Most of Kenya’s political class is concerned about winning, not about the conceptual quality of the process (hardly surprising–this is the nature of politics everywhere, and certainly in the United States; the difference in Kenya is the specific track record of most of the individual Kenyan politicians in the history of Kenya as a one-party authoritarian state that tortured its citizens for political reasons and has had major violence in all but one multi-party election since; and the uncertainty involving untested brand new institutions intended to keep the Kenyan executive branch from deciding its own election controversies).  Kenyans in general thirst for a fair election, as they did when they went to the polls in record numbers in 2007.  The problem was the disconnect between going to vote and having your vote counted.

Surely it is a bit patronizing to suggest that the chance to be extolled as a model to say   Zimbabwe or, depending on how the wind blows, Uganda, is a relevant factor to Kenyans, given what they have at stake for themselves, in Kenya.

But if it is meaningless to Kenyans, isn’t the “model” meme harmless?  Not necessarily.

Having lived through the disaster last time, I saw the desire for a “model” election morph into the denial of the hard but obvious reality of failure.   Read Ambassador Ranneberger’s cable to Washington from the day after the 2007 vote, Part Six of my FOIA Series.   We, the United States, through our Ambassador at least, wanted that “model” election badly enough that we were not willing to acknowledge that we didn’t get it until things got completely out of hand AND the EU had spoken out on fraud at the ECK.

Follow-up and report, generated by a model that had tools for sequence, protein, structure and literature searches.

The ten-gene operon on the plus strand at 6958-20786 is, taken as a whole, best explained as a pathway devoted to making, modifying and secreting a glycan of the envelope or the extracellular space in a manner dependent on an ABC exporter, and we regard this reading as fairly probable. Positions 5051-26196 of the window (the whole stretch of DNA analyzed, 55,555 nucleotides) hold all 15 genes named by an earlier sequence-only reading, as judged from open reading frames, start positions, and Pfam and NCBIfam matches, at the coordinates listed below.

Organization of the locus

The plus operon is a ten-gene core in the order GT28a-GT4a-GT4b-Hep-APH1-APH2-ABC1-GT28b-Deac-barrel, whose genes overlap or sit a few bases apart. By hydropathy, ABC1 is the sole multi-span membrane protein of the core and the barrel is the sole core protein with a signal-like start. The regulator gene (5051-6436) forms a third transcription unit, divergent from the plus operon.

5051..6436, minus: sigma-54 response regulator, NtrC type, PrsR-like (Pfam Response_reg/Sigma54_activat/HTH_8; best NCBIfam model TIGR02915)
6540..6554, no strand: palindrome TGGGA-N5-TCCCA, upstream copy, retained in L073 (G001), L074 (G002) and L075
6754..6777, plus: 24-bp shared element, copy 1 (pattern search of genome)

Here are key quotes from Ranneberger’s December 28, 2007 cable to Washington:

The electoral process thus far deserves a strong statement of support, and clearly meets a high standard for credible, transparent, free and fair elections.  I made an informal statement last night that was carried extensively on Kenyan television.  It is, however, too early to make definitive pronouncements.  The ECK will likely not announce final results until December 29.  The EU and Kenyan domestic observation missions will make statements on the 29th.  By COB Washington time on the 29th we will send a proposed draft for a statement by Washington.  IRI will make a largely positive statement the afternoon of the 28th. (emphasis added).

.  .  .  .

“Advancing U.S. Interests”

We will keep the Department closely informed as results become clearer.  At this point, there are sound reasons to believe that this election process will be a very positive example for the continent and for the developing world, that it will represent a watershed in the consolidation of Kenyan democracy, and that it will, therefore, significantly advance U.S. interests.  The Kenyan people will view the U.S. as having played an important and neutral role in encouraging a positive election process” [End]